Countries across the world have turned to democracy in recent decades. There are still a few monarchies here and there, and plenty of dictatorships. Cuba and North Korea are even keeping the last dying embers of communism alight. But more and more, democracy is seen as the way to go.
One of the first things a new democracy needs is a constitution. One of a constitution’s jobs is to establish the government’s structure — how the executive, legislative, and judicial branches are composed, what their powers are (and aren’t!), and a few rules of procedure.
The U.S. Constitution is a model of simplicity. You can read the whole thing in under a half hour. And that is the secret of its success. It doesn’t need to outline the specifics of agricultural or trade policy. That’s Congress’ job.
The EU’s de facto constitution runs well over 200 pages. Where the U.S. Constitution paints with a broad brush, the European Union fills in every last detail. Most countries, including the U.S., are turning to this top-down model and rejecting the Constitution’s more bottom-up approach.
The thinking goes, “How can something so simple be effective when the modern world is such a complicated place? The 21st century is very different from the 18th century.”
Good question. The answer is that those extra layers of complexity are precisely why a bottom-up approach is more important than ever. Top-down governance is hard enough even in a simple agrarian economy. It is impossible in a world like ours. Too many variables. The more rules there are, the easier they are to subvert.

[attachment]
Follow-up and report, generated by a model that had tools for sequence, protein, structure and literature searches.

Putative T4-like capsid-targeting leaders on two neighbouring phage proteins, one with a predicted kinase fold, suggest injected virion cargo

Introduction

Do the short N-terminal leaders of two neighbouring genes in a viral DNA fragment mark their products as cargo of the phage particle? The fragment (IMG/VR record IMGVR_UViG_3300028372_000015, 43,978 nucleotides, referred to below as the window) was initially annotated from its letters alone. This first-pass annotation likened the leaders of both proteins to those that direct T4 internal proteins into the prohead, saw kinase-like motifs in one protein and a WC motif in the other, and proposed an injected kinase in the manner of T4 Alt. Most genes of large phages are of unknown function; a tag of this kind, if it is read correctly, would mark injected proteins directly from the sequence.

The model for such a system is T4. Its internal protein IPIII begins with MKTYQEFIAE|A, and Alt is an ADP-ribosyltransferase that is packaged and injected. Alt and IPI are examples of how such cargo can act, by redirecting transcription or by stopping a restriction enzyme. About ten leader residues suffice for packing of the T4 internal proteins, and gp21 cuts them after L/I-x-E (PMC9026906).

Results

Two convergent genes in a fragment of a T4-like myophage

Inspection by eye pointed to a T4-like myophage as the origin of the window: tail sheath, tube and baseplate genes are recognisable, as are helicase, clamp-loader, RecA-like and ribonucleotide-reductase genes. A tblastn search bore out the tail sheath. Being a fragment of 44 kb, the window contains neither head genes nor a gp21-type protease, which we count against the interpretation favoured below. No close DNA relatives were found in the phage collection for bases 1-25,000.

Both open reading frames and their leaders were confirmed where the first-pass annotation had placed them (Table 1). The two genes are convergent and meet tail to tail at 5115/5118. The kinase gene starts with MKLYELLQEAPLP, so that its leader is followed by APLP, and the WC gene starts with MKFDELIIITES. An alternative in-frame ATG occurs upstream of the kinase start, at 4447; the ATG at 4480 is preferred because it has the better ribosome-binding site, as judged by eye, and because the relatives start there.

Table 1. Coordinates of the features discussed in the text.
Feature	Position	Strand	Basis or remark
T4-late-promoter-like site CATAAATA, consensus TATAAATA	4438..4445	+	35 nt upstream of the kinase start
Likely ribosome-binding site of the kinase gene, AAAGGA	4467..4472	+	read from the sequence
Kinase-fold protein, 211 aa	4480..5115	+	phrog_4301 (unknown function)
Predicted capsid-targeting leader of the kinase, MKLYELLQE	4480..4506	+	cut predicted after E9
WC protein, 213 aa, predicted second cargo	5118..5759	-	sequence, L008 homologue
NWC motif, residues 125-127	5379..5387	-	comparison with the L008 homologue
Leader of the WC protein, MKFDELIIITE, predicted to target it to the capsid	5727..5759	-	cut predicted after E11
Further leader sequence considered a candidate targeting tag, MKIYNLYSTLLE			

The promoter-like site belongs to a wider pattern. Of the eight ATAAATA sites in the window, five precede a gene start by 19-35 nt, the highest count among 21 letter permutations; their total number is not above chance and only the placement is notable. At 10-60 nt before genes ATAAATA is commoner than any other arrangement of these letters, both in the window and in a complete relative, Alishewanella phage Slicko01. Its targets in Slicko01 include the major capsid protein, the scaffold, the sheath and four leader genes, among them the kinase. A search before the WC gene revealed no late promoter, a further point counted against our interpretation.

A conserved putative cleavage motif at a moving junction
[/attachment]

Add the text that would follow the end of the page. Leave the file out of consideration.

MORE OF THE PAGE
Transitioning democratic countries regularly used the U.S. Constitution as a model when drafting their own constitutions. But that’s happening less and less, according to a thought-provoking Investor’s Business Daily editorial.
The reason is a shift in the intellectual climate. Negative rights are out of fashion now. Positive rights are all the rage. Negative rights are the kind that pervade the U.S. Constitution: don’t hit other people, don’t take their stuff, don’t break your contracts. Don’t, don’t don’t.
Positive rights are much less dour. And they are all over most new constitutions. You have the right to health care, or a job with six weeks vacation, and so on. People think of new positive rights all the time, too. There is a push in some countries to give people the legal right to Internet access. Sounds great. Who could be against that?
I can. Positive rights do sound nice, but in practice they are profoundly illiberal. That is because positive rights often contradict each other. If I break a bone and my doctor has a legal right to be on vacation, one of us has to have our positive rights violated. That means someone has to decide. Someone with a lot of power. Life and death, in some cases. A government with the power to make those kinds of decisions is very powerful indeed. Positive rights systems require large, powerful governments. Rights violations are both frequent and arbitary.
Negative rights have no such conflicts. That’s a big reason why the U.S. Constitution is so simply constructed. In fact, most of it isn’t even about granting this power or that to government. Most of that is contained in Article I, Section 8. The majority of the document is about placing strict limits on those powers. When the people are left alone, they largely prosper. Let them build from the bottom up. The view from the top on down is too distant to catch the necessary details.
In the law, as in so many other areas, simplicity is beautiful. As democracy continues to march across the globe, newly forming governments should keep that in mind.